[Crossref]

Liu, F.

Loriot, V.

Louisy, M.

Loza-Alvarez, P.

Lucchese, R. R.

C. Cheng, Z. L. Streeter, A. J. Howard, M. Spanner, R. R. Lucchese, C. W. McCurdy, T. Weinacht, P. H. Bucksbaum, and R. Forbes, “Strong field ionization of water ii: Electronic and nuclear dynamics en route to double ionization,” arXiv preprint arXiv:2104.05869 (2021).

Manzoni, C.

Marquetand, P.

V. Tagliamonti, B. Kaufman, A. Zhao, T. Rozgonyi, P. Marquetand, and T. Weinacht, “Time-resolved measurement of internal conversion dynamics in strong-field molecular ionization,” Phys. Rev. A 96(2), 021401 (2017).
[Crossref]

V. Tagliamonti, P. Sándor, A. Zhao, T. Rozgonyi, P. Marquetand, and T. Weinacht, “Nonadiabatic dynamics and multiphoton resonances in strong-field molecular ionization with few-cycle laser pulses,” Phys. Rev. A 93(5), 051401 (2016).
[Crossref]

Masood, H.

J. Schötz, B. Förg, W. Schweinberger, I. Liontos, H. Masood, A. Kamal, C. Jakubeit, N. Kling, T. Paasch-Colberg, S. Biswas, and M. Högner, “Phase-matching for generation of isolated attosecond xuv and soft-x-ray pulses with few-cycle drivers,” Phys. Rev. X 10(4), 041011 (2020).
[Crossref]

Matsubara, E.

McCurdy, C. W.

C. Cheng, Z. L. Streeter, A. J. Howard, M. Spanner, R. R. Lucchese, C. W. McCurdy, T. Weinacht, P. H. Bucksbaum, and R. Forbes, “Strong field ionization of water ii: Electronic and nuclear dynamics en route to double ionization,” arXiv preprint arXiv:2104.05869 (2021).

Mikaelsson, S.

Miranda, M.

Morishita, T.

Morita, R.

Müller, N.

Nagy, T.

Naumov, A. Y.

M. Kübel, Z. Dube, A. Y. Naumov, M. Spanner, G. G. Paulus, M. F. Kling, D. M. Villeneuve, P. B. Corkum, and A. Staudte, “Streak camera for strong-field ionization,” Phys. Rev. Lett. 119(18), 183201 (2017).
[Crossref]

Nazarkin, A.

P. Hölzer, W. Chang, J. Travers, A. Nazarkin, J. Nold, N. Joly, M. F. Saleh, F. Biancalana, and P. S. J. Russell, “Femtosecond nonlinear fiber optics in the ionization regime,” Phys. Rev. Lett. 107(20), 203901 (2011).
[Crossref]

Neoricic, L.

Neumark, D. M.

Nicolai, F.

Nisoli, M.

M. Nisoli, S. De Silvestri, and O. Svelto, “Generation of high energy 10 fs pulses by a new pulse compression technique,” Appl. Phys. Lett. 68(20), 2793–2795 (1996).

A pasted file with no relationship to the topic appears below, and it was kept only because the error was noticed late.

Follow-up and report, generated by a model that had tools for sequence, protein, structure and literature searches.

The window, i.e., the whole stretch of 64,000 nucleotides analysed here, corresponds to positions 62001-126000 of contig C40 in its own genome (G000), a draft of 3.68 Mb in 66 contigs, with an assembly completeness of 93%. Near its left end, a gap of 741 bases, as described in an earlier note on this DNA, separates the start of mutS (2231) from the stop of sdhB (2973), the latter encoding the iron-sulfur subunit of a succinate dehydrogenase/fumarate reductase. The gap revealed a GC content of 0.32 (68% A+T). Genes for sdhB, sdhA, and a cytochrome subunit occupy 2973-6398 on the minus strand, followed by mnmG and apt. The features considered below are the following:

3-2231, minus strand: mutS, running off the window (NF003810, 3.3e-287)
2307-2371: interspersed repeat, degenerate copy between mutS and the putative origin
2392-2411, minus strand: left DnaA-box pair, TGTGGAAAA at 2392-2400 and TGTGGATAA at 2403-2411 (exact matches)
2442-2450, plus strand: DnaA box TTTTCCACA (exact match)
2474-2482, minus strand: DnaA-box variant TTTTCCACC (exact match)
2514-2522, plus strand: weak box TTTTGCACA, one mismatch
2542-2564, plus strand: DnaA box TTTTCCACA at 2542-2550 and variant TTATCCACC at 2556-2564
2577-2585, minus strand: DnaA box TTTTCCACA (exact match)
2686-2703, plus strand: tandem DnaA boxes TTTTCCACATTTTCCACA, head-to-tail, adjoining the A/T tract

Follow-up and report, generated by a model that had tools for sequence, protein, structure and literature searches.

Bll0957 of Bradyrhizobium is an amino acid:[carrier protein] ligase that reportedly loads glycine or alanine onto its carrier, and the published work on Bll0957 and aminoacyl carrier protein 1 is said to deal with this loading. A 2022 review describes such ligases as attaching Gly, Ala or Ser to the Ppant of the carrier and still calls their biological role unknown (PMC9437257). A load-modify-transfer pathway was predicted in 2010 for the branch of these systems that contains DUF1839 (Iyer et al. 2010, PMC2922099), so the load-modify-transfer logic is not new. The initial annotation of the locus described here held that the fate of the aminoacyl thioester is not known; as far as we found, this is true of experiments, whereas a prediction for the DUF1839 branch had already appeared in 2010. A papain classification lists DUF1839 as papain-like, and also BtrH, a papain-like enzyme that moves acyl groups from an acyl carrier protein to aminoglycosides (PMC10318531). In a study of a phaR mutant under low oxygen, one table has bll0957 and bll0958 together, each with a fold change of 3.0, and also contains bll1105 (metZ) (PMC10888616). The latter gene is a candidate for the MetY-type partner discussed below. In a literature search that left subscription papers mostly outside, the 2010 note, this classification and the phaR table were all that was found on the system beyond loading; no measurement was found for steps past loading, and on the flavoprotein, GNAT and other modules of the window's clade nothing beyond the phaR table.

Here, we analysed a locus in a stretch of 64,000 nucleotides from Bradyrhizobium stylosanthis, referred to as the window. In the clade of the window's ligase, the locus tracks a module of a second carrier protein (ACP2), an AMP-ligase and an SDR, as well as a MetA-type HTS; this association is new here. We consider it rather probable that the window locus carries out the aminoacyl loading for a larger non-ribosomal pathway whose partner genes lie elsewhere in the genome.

[Crossref]

Nold, J.

P. Hölzer, W. Chang, J. Travers, A. Nazarkin, J. Nold, N. Joly, M. F. Saleh, F. Biancalana, and P. S. J. Russell, “Femtosecond nonlinear fiber optics in the ionization regime,” Phys. Rev. Lett. 107(20), 203901 (2011).
[Crossref]

Paasch-Colberg, T.

J. Schötz, B. Förg, W. Schweinberger, I. Liontos, H. Masood, A. Kamal, C. Jakubeit, N. Kling, T. Paasch-Colberg, S. Biswas, and M. Högner, “Phase-matching for generation of isolated attosecond xuv and soft-x-ray pulses with few-cycle drivers,” Phys. Rev. X 10(4), 041011 (2020).
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Paulus, G.

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Phys. Rev. X (1)

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C. Cheng, Z. L. Streeter, A. J. Howard, M. Spanner, R. R. Lucchese, C. W. McCurdy, T. Weinacht, P. H. Bucksbaum, and R. Forbes, “Strong field ionization of water ii: Electronic and nuclear dynamics en route to double ionization,” arXiv preprint arXiv:2104.05869 (2021).

Supplementary Material (1)

NameDescription
Supplement 1       Supplemental Document

Data availability

Data underlying the results presented in this paper are not publicly available at this time but may be obtained from the authors upon reasonable request.

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Figures (2)

Fig. 1.
Fig. 1. Schematic diagram of the vacuum system (VAC), stretched hollow-core (S-HCF) fiber, pulse compression scheme and measurement apparatus. The broadband pulses are compressed using a combination of chirped mirrors and variable-thickness water cell actuated via a motorized translation stage (TS), or 4f AOM pulse-shaper and 31 mm of BK7 material. Characterization is performed via D-scan. The second harmonic is separated from the fundamental using a polarizing beam splitter (PBS) cube. The inset shows the spatial mode from the S-HCF, which was photographed off the face of a silver mirror.
Fig. 2.
Fig. 2. Comparison of a) water cell D-scan, b) pulse-shaper D-scan, and c) pulse-shaper CFROG. The experimentally measured spectrograms (column 1) show good agreement with their reconstructions (column 2) and the reconstructed pulse durations d) are consistent with one another and are within $\sim$1 fs of transform limit. The pulse durations are 4.9, 5.5, and 5.9 fs, respectively. e) shows the fundamental spectrum for the water D-scan and the pulse-shaper D-scan, and retrieved spectral phase for each of the measurements.